It’s construction management, but not as you know it

After hundreds of years with little fundamental change in how we build, the construction landscape is transforming rapidly. The changes enabled by 3D (CAD) and 4D (time) and 5D (cost) building information modelling tools have driven the development of next-generation construction technologies, from augmented reality to roboticised assembly.

The pace of change makes continuing education a high priority for the Australian built environment industries, according to Professor Heather MacDonald, who heads up the School of the Built Environment at UTS.

Heather MacDonald

“The digital age has brought with it a demand for new skills that are already being embedded in undergraduate course content. New generations of graduates are arriving in the workforce with high levels of technological competence,” MacDonald says.

“However, it’s important that experienced and talented professionals working in more senior roles also have access to these skills. This isn’t just about keeping pace with change; it’s also about enabling effective leadership that reflects the shifting foundations of our profession.”

In recognition of this transformative period for the construction industry, UTS has introduced a series of education offerings that are focused on upskilling construction and property professionals. These include the streamlined postgraduate Graduate Certificate/Graduate Diploma in Construction Management degrees, which combine traditional project management frameworks with the in-depth study of the technological and human inputs that define contemporary construction management.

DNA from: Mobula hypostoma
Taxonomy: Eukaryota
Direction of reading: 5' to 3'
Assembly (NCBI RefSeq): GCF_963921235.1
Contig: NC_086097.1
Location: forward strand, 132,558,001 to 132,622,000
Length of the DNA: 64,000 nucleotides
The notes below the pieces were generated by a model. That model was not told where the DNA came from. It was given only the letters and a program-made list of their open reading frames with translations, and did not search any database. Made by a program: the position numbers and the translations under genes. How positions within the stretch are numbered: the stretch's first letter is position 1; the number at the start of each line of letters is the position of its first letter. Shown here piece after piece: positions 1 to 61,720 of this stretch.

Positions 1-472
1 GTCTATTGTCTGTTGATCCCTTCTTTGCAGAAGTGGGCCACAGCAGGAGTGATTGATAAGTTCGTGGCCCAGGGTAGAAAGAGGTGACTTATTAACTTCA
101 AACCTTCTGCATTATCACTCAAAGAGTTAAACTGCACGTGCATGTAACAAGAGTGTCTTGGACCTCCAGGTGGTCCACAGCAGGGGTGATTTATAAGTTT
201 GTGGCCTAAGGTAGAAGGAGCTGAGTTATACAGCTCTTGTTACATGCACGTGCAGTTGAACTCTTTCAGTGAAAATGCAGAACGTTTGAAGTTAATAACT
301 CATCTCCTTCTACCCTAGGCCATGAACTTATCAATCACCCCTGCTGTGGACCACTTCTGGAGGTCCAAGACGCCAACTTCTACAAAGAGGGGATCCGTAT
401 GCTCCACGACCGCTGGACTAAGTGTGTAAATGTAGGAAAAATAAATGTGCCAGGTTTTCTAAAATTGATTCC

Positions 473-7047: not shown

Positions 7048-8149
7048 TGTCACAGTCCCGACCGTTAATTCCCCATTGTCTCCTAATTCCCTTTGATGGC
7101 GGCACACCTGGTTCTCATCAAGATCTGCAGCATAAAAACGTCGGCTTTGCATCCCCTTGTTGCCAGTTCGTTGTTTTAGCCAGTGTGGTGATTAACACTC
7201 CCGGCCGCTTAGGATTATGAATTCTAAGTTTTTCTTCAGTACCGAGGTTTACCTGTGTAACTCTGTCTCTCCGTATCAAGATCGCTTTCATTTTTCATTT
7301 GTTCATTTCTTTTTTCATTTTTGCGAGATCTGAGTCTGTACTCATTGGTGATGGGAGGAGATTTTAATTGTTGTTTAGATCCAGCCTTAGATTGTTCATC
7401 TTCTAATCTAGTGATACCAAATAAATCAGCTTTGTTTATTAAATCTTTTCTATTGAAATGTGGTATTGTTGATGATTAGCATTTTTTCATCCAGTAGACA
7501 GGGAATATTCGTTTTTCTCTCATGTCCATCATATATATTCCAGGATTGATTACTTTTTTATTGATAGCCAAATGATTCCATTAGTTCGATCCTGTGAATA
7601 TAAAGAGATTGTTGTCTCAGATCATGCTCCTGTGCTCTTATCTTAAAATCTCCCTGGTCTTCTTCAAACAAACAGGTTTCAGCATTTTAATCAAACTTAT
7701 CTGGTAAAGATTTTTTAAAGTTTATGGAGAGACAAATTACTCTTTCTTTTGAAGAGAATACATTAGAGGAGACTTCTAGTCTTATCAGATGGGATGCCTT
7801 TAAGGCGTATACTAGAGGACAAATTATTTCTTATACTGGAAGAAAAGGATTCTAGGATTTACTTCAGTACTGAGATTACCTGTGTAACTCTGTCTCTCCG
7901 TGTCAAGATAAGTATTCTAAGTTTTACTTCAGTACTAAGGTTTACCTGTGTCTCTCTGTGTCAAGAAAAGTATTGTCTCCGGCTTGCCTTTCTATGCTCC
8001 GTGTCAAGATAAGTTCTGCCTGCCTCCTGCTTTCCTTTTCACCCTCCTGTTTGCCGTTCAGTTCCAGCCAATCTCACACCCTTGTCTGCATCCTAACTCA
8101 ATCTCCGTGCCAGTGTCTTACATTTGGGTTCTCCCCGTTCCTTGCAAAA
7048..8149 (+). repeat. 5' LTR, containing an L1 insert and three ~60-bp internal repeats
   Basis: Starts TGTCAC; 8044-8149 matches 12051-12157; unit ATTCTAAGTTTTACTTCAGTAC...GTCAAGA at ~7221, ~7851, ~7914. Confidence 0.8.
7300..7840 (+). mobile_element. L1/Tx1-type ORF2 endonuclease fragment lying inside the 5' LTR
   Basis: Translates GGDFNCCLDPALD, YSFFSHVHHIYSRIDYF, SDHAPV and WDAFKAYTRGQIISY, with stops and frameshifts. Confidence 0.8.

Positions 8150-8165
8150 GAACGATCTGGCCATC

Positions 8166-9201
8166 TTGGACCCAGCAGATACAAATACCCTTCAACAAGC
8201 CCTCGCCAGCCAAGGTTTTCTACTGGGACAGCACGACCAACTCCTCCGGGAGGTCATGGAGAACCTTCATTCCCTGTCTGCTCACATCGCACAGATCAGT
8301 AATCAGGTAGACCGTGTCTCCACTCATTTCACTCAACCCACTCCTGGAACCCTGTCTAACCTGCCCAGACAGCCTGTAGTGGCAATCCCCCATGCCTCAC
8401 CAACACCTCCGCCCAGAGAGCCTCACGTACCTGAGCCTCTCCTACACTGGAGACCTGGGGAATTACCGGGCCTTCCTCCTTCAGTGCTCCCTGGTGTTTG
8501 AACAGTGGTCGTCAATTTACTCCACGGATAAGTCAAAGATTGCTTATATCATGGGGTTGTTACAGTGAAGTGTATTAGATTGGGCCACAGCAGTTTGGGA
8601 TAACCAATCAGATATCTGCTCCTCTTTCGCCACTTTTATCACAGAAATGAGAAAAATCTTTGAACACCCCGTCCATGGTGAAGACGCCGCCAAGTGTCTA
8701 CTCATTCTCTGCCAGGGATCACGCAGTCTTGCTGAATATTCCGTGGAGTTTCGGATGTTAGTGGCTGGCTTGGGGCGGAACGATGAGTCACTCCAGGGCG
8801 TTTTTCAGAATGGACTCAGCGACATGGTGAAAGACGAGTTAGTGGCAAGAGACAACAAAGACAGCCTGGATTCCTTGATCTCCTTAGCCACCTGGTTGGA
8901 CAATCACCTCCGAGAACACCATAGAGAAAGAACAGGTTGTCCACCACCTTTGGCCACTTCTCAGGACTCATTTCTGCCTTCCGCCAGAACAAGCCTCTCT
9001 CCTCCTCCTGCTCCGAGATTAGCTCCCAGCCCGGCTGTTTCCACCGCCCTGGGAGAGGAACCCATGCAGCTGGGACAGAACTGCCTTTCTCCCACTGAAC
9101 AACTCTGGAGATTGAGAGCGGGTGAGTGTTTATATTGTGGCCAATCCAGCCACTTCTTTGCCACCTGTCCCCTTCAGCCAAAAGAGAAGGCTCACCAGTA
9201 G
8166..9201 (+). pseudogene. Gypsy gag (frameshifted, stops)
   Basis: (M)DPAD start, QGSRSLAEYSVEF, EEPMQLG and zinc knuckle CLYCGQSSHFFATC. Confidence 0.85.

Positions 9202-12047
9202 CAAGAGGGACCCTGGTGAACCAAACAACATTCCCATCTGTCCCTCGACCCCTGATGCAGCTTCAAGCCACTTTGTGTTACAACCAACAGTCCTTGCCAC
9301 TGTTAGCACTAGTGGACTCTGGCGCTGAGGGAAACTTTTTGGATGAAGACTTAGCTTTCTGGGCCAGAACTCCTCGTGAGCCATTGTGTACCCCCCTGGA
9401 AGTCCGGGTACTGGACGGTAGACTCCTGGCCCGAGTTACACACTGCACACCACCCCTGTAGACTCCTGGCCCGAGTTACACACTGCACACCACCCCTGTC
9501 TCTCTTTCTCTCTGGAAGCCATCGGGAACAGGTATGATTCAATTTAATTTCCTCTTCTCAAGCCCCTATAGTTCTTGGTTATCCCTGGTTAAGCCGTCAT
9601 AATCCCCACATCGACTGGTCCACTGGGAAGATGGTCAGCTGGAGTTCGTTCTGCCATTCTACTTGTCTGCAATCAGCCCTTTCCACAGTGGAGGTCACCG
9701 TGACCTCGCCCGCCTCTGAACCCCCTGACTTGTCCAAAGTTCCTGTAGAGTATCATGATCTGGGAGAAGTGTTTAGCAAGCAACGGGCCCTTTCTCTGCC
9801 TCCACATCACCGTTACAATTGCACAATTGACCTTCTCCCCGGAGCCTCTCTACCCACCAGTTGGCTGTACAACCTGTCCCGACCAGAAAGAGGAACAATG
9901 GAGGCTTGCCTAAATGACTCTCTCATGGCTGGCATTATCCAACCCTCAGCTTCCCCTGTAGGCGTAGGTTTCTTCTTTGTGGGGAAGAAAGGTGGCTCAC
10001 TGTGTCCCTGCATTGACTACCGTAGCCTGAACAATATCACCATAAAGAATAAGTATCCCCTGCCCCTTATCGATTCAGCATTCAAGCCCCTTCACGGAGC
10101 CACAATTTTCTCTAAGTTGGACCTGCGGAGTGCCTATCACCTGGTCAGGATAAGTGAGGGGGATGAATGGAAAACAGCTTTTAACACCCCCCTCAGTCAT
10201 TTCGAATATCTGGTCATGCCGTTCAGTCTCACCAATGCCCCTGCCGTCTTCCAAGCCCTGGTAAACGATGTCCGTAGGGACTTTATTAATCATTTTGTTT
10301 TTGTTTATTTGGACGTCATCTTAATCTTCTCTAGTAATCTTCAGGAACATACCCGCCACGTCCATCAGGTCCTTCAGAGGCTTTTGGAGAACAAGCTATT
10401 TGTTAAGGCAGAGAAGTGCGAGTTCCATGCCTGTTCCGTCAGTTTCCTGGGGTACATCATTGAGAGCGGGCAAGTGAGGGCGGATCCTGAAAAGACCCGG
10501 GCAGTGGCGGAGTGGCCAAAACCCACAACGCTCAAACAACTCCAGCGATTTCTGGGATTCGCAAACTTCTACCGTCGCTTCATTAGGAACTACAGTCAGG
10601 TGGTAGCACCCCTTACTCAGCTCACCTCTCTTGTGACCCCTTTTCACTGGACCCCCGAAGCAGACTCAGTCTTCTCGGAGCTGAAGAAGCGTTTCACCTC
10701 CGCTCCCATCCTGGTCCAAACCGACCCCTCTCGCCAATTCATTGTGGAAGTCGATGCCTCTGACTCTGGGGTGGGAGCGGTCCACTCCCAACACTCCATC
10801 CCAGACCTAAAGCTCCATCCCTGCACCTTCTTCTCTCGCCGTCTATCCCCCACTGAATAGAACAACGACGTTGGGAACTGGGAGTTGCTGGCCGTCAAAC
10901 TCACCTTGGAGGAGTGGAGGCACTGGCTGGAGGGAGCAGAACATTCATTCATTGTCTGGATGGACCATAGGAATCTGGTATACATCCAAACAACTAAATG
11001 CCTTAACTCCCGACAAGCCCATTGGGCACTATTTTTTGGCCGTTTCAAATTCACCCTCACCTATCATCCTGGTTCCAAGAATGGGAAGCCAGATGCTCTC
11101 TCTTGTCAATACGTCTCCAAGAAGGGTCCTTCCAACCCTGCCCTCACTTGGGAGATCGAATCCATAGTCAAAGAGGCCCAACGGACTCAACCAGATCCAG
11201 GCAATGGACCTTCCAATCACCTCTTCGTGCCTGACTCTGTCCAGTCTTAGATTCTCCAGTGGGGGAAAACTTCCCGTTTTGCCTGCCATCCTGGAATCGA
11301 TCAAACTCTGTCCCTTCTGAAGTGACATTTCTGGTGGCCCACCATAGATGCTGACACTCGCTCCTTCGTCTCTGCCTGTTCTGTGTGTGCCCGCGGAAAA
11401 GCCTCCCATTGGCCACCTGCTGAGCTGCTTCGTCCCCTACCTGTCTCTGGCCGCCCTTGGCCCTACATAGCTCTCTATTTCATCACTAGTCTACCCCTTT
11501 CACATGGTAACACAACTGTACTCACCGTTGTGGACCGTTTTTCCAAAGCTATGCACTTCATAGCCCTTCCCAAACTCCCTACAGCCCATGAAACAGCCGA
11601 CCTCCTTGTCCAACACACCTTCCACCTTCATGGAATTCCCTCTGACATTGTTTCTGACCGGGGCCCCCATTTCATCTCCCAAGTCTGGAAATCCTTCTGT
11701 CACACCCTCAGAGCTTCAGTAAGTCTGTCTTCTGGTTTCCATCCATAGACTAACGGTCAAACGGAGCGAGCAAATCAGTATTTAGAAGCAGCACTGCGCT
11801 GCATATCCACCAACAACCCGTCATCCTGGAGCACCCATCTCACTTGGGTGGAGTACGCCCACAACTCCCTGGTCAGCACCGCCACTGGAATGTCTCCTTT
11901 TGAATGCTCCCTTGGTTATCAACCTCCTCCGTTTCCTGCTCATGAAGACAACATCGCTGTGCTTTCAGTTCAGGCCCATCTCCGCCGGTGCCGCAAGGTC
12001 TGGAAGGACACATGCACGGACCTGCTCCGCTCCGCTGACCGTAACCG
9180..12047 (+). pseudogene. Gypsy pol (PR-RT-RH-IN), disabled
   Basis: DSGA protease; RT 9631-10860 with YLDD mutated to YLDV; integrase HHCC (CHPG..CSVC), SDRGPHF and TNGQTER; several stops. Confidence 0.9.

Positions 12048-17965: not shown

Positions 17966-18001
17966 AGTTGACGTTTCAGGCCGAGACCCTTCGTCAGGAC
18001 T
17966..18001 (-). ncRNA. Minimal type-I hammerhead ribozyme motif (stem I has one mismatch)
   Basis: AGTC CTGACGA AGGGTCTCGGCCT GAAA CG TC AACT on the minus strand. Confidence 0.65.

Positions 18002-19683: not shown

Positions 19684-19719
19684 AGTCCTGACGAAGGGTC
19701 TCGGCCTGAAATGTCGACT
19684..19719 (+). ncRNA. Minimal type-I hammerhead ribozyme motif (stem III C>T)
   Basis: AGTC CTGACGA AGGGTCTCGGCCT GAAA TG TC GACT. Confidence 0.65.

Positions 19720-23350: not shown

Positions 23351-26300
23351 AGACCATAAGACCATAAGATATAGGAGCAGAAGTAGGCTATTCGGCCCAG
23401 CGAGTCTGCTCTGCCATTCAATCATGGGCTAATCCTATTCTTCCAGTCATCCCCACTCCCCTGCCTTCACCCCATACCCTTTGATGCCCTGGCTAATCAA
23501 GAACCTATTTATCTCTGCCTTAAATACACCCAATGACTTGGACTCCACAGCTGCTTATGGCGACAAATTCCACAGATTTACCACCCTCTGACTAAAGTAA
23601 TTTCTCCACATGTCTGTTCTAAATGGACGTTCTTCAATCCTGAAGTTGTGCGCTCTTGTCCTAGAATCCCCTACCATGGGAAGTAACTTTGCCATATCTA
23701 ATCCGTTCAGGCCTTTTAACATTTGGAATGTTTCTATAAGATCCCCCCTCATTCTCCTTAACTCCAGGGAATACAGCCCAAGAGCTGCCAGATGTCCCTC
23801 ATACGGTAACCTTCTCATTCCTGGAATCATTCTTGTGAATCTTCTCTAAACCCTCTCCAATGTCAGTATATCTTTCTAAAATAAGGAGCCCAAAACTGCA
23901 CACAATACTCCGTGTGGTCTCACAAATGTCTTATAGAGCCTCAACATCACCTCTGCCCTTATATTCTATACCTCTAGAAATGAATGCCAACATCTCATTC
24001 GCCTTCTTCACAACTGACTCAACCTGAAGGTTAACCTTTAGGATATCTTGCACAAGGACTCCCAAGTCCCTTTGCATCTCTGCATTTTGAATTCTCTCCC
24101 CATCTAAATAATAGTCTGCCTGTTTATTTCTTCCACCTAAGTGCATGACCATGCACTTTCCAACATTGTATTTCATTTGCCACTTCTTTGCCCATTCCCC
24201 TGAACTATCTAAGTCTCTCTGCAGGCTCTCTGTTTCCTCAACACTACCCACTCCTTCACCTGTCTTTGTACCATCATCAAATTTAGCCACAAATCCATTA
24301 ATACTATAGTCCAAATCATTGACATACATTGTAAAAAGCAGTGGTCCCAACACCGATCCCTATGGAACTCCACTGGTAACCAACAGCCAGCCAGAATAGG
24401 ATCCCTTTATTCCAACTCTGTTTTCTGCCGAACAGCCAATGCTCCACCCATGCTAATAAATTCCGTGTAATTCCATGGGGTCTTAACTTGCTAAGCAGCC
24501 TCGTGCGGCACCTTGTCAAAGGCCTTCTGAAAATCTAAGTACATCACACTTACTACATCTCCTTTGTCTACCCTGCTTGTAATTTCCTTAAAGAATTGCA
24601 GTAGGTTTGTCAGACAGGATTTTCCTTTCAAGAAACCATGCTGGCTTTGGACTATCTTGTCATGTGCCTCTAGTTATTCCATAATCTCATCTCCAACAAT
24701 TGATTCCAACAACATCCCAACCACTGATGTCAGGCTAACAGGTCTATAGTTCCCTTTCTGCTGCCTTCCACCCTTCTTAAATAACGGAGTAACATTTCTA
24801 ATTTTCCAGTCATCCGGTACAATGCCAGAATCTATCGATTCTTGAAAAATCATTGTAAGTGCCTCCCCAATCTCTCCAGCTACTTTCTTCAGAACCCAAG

Short courses that focus on specialised applications of new technologies are also on offer. These courses, which range from a few hours to a few days of study, give participants the opportunity to engage with in-depth learning on a single topic.

One such short course is Construction as Production, a unique insight into how development in onsite and offsite methods are transforming construction workforces. Designed and delivered by UTS Professor Perry Forsythe, this course delves into the ways that IT enables greater degrees of collaboration, the role of robotics and automation in offering greater connectivity between processes, changes to traditional work processes, and the opportunities of customisaton versus mass production that underpin debate about cost viability.

“What would it take for construction processes to mimic the precision and efficiency of modern methods of industrial production? The answer is likely to lie at the intersection between industrialisation, digital technology, supply chains and market economics,” says Professor Forsythe.

“These factors are changing the way we think about, and execute, construction projects.”

Find out more about UTS Construction Management degrees and short courses.